Black Friday off to early start
New York, November 24, 2012
US retailers declared their experiment with earlier store openings to kick off the holiday shopping season a success on Friday, with those new hours expected to be a Thanksgiving night staple for more retailers next year.
Stores such as Target Corp opened hours before midnight on Thursday to try to capture a bigger piece of the retail pie. The move seemed to bring out a different type of shopper than the usual one who grabs the "Black Friday" deals, analysts said.
That meant by Friday morning, some shoppers, like Christian Alcantara, 18, at a J.C. Penney Co Inc store in Queens, New York, had already made a lot of their purchases. J.C. Penney stuck to a more traditional 6 a.m. EST (1100 GMT) Friday opening.
"They should open earlier. I've been everywhere else and I've already shopped," he said.
Shoppers like Alcantara are likely to force holdouts like J.C. Penney to move their post-Thanksgiving sales into Thursday night next year, said Liz Ebert, retail lead at consulting firm KPMG LLP.
"There will be pressure on them. There'll be an expansion of it next year," Ebert said.
Hard data on "Black Friday" store traffic will not come in until this weekend. But analysts said retailers who opened early brought in a non-traditional Black Friday shopper, with more families coming in together and buying more than just the "doorbuster" sale items.
"I've never seen parents bring so many kids on Black Friday," Toys R Us Chief Executive Jerry Storch said.
The National Retail Federation expects sales during November and December to rise 4.1 percent this year, below last year's 5.6 percent increase. That made store operators' strategy important as they battled each other, rather than seeing a growing pie in a season when U.S. retailers can make a third of their annual sales and 40 to 50 percent of their profits.
"Retailers want them to buy now, they want to get that share of wallet early," said Michael Appel, a director at consulting firm AlixPartners. He noticed that the Galleria Mall in White Plains, New York, was busy from midnight to 3 a.m., but that traffic, while still brisk, was less heavy by midmorning.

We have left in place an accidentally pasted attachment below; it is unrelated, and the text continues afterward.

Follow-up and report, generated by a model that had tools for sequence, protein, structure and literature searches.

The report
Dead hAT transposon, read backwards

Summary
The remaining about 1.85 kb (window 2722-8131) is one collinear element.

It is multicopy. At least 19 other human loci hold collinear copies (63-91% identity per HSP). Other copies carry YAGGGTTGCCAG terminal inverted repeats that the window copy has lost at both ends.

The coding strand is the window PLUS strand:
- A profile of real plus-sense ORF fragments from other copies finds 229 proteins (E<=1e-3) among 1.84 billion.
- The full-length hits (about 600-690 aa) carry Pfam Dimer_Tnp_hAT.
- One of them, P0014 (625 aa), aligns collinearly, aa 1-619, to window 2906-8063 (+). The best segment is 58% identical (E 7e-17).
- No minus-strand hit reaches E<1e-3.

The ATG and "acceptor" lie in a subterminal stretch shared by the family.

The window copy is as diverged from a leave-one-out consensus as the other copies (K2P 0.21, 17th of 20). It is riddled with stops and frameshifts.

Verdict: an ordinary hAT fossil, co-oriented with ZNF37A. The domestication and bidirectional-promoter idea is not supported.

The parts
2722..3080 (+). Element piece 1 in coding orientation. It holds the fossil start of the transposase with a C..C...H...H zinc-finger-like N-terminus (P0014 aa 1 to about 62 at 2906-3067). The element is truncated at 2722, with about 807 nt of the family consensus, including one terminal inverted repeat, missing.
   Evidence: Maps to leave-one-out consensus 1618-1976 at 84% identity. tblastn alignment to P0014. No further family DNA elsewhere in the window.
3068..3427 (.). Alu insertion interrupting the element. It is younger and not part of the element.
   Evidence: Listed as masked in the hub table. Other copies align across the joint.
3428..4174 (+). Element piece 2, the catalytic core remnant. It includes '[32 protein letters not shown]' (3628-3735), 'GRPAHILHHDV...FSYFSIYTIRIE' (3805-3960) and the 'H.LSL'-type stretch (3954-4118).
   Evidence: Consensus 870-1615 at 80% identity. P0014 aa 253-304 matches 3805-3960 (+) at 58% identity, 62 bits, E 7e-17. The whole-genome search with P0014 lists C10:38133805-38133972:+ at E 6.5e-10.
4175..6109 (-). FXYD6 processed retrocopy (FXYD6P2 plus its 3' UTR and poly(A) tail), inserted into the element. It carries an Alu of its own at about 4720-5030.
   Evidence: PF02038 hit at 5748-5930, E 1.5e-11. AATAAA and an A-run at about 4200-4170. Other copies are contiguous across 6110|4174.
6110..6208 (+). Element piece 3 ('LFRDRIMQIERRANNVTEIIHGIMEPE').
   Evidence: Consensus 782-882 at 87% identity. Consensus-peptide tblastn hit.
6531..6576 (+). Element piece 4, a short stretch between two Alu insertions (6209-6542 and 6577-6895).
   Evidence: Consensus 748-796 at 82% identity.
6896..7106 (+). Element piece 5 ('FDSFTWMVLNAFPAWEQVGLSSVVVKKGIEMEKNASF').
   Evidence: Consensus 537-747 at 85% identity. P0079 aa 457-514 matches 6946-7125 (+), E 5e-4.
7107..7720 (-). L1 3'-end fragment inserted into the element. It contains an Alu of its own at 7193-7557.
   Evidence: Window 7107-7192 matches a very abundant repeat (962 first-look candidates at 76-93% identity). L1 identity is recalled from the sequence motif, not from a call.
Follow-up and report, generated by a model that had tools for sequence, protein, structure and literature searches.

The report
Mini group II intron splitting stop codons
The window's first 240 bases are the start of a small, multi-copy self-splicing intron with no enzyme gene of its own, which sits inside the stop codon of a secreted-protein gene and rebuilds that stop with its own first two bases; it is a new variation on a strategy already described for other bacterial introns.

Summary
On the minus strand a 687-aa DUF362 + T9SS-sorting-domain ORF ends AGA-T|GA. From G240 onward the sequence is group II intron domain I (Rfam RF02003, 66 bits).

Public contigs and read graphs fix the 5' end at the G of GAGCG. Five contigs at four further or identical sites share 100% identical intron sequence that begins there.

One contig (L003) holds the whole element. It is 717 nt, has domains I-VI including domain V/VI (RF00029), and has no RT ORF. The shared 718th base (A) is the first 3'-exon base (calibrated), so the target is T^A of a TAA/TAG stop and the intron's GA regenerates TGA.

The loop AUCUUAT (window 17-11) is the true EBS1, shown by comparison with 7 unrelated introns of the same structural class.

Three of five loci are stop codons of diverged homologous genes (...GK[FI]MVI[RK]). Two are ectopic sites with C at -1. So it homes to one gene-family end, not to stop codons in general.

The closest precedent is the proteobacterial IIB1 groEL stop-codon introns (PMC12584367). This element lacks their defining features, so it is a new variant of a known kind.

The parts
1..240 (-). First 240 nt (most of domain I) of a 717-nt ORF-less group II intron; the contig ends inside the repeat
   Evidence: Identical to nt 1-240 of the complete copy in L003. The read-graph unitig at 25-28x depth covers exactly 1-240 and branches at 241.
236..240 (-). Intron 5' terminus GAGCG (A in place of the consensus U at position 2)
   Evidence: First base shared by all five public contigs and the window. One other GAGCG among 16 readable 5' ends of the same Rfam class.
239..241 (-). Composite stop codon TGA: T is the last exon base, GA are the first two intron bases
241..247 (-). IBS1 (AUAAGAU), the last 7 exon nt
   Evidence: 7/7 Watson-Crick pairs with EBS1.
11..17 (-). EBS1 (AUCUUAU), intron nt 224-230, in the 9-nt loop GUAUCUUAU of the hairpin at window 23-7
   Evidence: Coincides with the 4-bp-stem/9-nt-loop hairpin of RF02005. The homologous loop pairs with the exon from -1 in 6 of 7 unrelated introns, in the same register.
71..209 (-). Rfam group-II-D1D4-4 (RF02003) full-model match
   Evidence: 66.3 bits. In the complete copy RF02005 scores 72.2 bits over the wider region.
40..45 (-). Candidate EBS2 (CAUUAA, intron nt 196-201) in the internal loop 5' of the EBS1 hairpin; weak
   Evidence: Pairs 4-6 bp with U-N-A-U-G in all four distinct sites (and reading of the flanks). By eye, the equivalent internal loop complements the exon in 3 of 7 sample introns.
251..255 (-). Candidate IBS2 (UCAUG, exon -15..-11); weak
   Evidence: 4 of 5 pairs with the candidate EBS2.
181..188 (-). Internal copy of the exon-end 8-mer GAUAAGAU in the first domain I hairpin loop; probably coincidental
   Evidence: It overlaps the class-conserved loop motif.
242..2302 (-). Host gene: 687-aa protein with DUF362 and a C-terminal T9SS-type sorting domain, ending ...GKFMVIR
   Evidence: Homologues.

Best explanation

Shoppers used smartphones and tablets and a lot of research as they hit stores, a mobile phenomenon that started last year and seemed to be more prevalent this year.
Thom Blischok, chief retail strategist and a senior executive adviser with Booz & Company's Retail practice, was waiting on line with one woman in Phoenix, who was shopping for a refrigerator. Using her mobile device, she found the appliance online for the same price and left the store without. She intended to buy it online instead.
"There's a fundamental transformation of shopping," he said.
Mobile devices account for 45 percent walmart.com traffic and online traffic coming from Walmart's mobile app was three times bigger than last year, Joel Anderson, chief executive of Walmart.com, said.
Overall, online sales were up 20 percent versus the same period last year, through 3 p.m. EST (2000 GMT) on Friday, IBM said.
The National Retail Federation said 147 million people would shop Friday through Sunday, when deals are at their most eye-catching - down from 152 million the same weekend last year.
The NRF estimate did not account for Thursday shoppers and anecdotal evidence suggested retailers opening earlier may have cut into traffic on "Black Friday", the traditional start of the holiday season that denotes the point when retailers in the past would turn a profit for the year.
"People seemed to be shopping quite a bit, although in talking to mall management, it seemed that traffic was not as busy as last year," Deloitte retail analyst Ramesh Swamy said.
Retailers were also using technology better, allowing sales staff to match prices customers found online and having them use tablets as mobile "checkout stands" so buyers did not have to wait in line, a service consumers were quickly coming to expect.
"I even heard customers complaining about a retailer that didn't have mobile checkout," he said. – Reuters